By John Marsh, Editor & Publisher
The bicycle, e-bike and bicycle parts and accessories industries have banded together to form the World Bicycle Industry Association (WBIA), in part to give the bike industry a voice in discussions over technology allowing communication between vehicles.
Founding members are the Bicycle Association Japan, the Bicycle Product Suppliers Association, based in the U.S., the Confederation of the European Bicycle Industry and the Taiwan Bicycle Association.
“Vehicle-to-vehicle communications are advancing rapidly and as an industry we were kept out of the discussion because we did not have a worldwide association,” said Moreno Fioravanti, the secretary general of the European Bicycle Manufacturers Association and an executive at Accell Suisse AG. “Now we do and we will be participating in these discussions going forward as e-bikes and light electric vehicles need to be a part of these discussions.” Fioravanti was the driving force creating the world group.
The discussions Fioravanti is referring to are taking place in Europe but involve issues and planning that may well migrate to the U.S. and elsewhere around the world. Namely, the European Union is progressing toward implementation of its Intelligent Transportation System (ITS) – which is slated to employ information and communication technologies in traffic management and enable various groups to use transportation systems in a safer, more coordinated, and smarter manner.
“While we don’t have a similar system to ITS in the U.S., we know that many things developed in Europe get adopted here in one form or another. So it’s important for the U.S. industry to know how things are developing,” said Larry Pizzi, WBIA’s second vice president. Pizzi is managing director of Raleigh Electric and serves as the Bicycle Product Suppliers Association’s vice president and chairman of its e-bike committee.
The association’s website is www.wbia.ch.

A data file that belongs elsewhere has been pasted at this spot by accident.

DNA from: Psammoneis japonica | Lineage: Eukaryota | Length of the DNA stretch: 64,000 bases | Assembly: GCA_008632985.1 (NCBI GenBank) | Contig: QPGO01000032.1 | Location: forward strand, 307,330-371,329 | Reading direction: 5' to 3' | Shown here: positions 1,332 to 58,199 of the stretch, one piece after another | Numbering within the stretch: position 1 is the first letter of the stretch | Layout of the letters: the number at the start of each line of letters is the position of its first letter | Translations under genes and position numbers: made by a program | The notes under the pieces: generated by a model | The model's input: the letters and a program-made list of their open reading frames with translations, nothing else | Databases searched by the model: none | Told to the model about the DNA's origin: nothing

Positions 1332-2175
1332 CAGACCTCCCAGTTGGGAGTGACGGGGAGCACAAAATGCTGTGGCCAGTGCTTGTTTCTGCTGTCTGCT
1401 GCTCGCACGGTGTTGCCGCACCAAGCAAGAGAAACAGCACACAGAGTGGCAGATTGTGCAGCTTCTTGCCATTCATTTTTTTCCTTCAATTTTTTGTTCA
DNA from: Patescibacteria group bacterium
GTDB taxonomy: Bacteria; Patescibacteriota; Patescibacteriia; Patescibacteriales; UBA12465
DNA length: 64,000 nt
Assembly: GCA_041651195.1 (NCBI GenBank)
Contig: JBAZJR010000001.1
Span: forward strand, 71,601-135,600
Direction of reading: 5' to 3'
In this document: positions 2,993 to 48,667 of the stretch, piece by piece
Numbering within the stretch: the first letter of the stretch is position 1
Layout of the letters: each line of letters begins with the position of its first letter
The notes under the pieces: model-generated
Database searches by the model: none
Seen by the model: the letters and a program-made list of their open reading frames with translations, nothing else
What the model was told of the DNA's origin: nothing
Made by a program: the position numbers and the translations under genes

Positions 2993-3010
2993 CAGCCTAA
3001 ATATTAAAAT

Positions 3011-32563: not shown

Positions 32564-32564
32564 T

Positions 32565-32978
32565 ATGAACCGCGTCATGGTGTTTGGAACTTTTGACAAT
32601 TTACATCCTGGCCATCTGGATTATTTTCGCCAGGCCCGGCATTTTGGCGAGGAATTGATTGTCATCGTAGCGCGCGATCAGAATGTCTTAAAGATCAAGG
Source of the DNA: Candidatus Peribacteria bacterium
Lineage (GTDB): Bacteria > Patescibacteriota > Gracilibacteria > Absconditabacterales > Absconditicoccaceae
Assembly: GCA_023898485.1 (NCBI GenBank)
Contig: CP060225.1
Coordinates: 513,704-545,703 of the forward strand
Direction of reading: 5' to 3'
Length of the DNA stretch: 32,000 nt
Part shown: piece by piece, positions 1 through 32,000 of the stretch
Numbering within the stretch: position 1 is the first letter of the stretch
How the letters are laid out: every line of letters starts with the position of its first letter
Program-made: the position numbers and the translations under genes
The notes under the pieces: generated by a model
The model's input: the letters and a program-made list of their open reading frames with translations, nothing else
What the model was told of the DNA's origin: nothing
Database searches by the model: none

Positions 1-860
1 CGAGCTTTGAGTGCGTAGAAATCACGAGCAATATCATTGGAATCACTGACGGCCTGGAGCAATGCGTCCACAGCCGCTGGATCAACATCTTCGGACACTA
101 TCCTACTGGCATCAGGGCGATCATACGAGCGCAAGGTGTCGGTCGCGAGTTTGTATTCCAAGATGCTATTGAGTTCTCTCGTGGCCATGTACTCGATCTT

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Felt Launches New Online Sales Program
Joining other well-known bike brands including Giant, Felt recently announced that it has launched a new online sales program, dubbed Customer Connect, that allows buyers to spec out their bikes online and take delivery at their local Felt dealer.
Felt’s new program also includes a Buy Local Now option through its website that allows a purchaser to see if the bike they want is in stock at their LBS.
Felt said that when considering options for online sales, it felt strongly that local bike shops remain a vital part of the value proposition and the purchase process for the Felt brand.
“We think the IBD is an integral part of the business model,” said Adam Micklin, Felt VP of global sales and marketing. “We looked at programs out there. We felt that if a Felt customer wants a bike they need to have access to it, but it still needs to be consistent with our business. It needs to be the right bike with the right fit, and that happens through the dealer.”
The company said its program research showed that less than 1 percent of total bikes sold in North America are sold online. However, Felt realized that customers do a lot of their own research and shopping online.
“The fact that they’re researching the product online and if they choose to purchase it online we don’t want to say, ‘You can’t,'” said Tyler Meyers, Felt’s international sales manager. “We want to have a program and operational support to deliver the bike consistent with their expectation. It’s removing barriers to access but also saying, ‘We want you to work with the retailer because that’s where you get the best fit, or if you have questions or need service,'” he added.
It seems a near certainty that, following Canyon launching its direct-to-customers sales program in the U.S. last year, all the major bike makers will be watching closely and determining the best online sales programs for their brand(s).
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